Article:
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Int J Biochem Cell Biol. 2013 Feb;45(2):265-72. doi: 10.1016/j.biocel.2012.11.015. Epub 2012 Nov 29.

Acetylcholinesterase deficiency decreases apoptosis in dopaminergic neurons in the neurotoxin model of Parkinson's disease.

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State Key Laboratory of Cell Biology, Institute of Biochemistry and Cell Biology, Shanghai Institutes for Biological Sciences, Chinese Academy of Sciences, Graduate School of Chinese Academy of Sciences, 320 YueYang Road, Shanghai 200031, PR China.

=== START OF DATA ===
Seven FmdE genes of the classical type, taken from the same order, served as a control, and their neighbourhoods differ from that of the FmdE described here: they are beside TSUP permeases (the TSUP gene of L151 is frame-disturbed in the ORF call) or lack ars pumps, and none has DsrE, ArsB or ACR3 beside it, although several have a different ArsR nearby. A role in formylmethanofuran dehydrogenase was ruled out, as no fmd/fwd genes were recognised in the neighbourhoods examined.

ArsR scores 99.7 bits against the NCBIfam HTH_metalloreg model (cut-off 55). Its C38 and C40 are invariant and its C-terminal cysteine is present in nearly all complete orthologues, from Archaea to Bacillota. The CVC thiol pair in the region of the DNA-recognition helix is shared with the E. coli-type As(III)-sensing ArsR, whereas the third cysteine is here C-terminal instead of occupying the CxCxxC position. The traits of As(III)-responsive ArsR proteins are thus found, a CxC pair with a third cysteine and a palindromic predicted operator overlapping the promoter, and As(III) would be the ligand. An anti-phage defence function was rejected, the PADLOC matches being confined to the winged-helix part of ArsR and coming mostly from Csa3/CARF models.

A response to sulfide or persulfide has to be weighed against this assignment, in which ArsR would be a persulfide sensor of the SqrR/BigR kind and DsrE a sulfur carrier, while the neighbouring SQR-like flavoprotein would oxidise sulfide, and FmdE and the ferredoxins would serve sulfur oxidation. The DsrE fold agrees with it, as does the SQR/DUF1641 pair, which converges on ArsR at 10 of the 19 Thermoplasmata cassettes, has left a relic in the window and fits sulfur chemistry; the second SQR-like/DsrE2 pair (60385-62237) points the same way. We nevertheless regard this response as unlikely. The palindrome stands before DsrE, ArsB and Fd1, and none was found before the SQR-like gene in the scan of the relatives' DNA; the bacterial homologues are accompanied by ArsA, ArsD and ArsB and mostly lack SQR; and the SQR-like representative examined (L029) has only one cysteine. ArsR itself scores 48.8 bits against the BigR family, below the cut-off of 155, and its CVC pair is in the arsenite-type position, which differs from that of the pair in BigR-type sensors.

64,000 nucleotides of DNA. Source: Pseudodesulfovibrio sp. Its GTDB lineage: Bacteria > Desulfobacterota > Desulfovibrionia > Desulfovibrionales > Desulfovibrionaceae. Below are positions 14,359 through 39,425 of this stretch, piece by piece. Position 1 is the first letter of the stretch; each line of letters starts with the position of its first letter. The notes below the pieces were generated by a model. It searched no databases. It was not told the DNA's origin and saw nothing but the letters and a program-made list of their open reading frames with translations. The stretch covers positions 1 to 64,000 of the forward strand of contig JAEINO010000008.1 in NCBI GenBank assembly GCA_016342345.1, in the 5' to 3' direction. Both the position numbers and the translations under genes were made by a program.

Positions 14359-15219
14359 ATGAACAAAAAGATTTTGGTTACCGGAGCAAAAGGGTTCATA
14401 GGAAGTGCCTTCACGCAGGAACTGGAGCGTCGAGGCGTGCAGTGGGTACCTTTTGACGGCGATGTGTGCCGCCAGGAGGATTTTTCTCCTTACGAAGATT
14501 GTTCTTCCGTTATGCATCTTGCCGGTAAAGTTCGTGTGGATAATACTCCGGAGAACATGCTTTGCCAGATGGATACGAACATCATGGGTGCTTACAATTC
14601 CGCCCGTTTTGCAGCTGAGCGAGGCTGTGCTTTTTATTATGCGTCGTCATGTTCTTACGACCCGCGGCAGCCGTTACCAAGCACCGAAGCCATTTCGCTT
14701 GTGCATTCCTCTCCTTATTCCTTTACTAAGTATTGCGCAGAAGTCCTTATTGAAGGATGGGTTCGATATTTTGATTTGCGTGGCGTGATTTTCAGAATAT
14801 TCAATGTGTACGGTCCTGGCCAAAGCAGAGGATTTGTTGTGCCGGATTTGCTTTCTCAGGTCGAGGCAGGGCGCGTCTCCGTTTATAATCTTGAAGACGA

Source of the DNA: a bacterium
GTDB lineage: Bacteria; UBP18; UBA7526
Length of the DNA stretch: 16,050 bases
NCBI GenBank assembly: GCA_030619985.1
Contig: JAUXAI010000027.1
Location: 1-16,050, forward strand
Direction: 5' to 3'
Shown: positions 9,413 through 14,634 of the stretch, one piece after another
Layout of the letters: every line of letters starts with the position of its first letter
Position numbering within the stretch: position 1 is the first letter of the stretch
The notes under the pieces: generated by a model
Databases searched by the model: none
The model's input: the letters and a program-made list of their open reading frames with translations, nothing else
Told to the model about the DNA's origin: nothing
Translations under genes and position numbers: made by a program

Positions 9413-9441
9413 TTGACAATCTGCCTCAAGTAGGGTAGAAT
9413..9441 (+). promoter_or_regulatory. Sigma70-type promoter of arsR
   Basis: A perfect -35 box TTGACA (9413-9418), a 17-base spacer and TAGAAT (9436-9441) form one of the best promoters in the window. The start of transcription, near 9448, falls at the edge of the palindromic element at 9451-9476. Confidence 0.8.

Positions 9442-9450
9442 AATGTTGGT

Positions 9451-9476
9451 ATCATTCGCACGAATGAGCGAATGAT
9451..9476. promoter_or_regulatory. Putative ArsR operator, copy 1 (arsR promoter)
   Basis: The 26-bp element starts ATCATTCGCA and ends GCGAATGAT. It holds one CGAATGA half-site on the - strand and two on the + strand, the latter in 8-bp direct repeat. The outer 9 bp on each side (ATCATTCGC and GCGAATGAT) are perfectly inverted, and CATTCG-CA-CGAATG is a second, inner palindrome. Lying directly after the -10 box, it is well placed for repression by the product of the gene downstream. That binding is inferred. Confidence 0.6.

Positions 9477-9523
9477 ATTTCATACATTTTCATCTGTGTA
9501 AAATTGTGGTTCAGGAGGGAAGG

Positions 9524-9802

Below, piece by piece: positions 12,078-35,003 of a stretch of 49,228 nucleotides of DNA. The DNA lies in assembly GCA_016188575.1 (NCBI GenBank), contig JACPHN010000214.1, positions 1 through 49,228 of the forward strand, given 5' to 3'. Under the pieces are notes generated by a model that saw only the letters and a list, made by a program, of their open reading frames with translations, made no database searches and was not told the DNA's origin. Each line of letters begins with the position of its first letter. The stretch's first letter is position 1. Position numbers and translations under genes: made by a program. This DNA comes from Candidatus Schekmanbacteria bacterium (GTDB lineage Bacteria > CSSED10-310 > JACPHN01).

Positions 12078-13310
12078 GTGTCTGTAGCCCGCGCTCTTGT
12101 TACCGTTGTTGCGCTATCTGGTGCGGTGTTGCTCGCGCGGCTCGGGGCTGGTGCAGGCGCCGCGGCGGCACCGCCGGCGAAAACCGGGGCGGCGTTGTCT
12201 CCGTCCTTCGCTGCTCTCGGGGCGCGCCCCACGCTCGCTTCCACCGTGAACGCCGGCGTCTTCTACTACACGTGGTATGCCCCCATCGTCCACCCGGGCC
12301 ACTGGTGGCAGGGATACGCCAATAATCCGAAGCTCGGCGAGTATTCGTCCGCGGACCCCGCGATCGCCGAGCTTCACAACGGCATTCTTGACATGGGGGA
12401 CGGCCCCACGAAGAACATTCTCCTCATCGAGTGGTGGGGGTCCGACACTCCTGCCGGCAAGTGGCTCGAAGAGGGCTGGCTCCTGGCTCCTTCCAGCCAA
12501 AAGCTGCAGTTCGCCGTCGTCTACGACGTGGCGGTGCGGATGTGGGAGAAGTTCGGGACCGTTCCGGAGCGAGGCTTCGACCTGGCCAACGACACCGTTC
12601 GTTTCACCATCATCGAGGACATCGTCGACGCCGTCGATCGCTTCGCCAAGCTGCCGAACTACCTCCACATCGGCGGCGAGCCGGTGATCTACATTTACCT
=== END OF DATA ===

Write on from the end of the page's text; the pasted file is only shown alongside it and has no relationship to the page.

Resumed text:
The apoptosis pathway has been proposed to be involved in causing neuronal cell death in the pathogenesis of Parkinson's disease. However, the details of this pathway are poorly understood. Previous research has shown increased acetylcholinesterase expression during apoptosis in various cell types, which suggests that acetylcholinesterase has a potential role in neuronal cell death. In this study, we found that acetylcholinesterase protein expression increased and caspase-3 was activated in PC12 cells treated with 1-methyl-4-phenylpyridinium. Furthermore, the genetic or pharmacological inhibition of acetylcholinesterase was shown to protect PC12 cells from MPP+ induced apoptotic cell death. To study the function of acetylcholinesterase as a mechanism of neuronal cell death in vivo, we subsequently established a 1-methyl-4-phenyl-1,2,3,6-tetrahydropyridine Parkinson's disease mouse model utilizing acetylcholinesterase-deficient mice. Studies in these mice revealed reduced dopaminergic neuron loss and lower expression levels of apoptotic proteins in 1-methyl-4-phenyl-1,2,3,6-tetrahydropyridine-treated heterozygous mice compared to 1-methyl-4-phenyl-1,2,3,6-tetrahydropyridine-treated wild-type mice. We conclude that it is highly probable that acetylcholinesterase is involved in the pathogenesis of the neurotoxin model of Parkinson's disease via apoptosis. Specifically, a deficiency or inhibition of acetylcholinesterase can decrease apoptosis and protect dopaminergic neurons in the neurotoxin model of Parkinson's disease.

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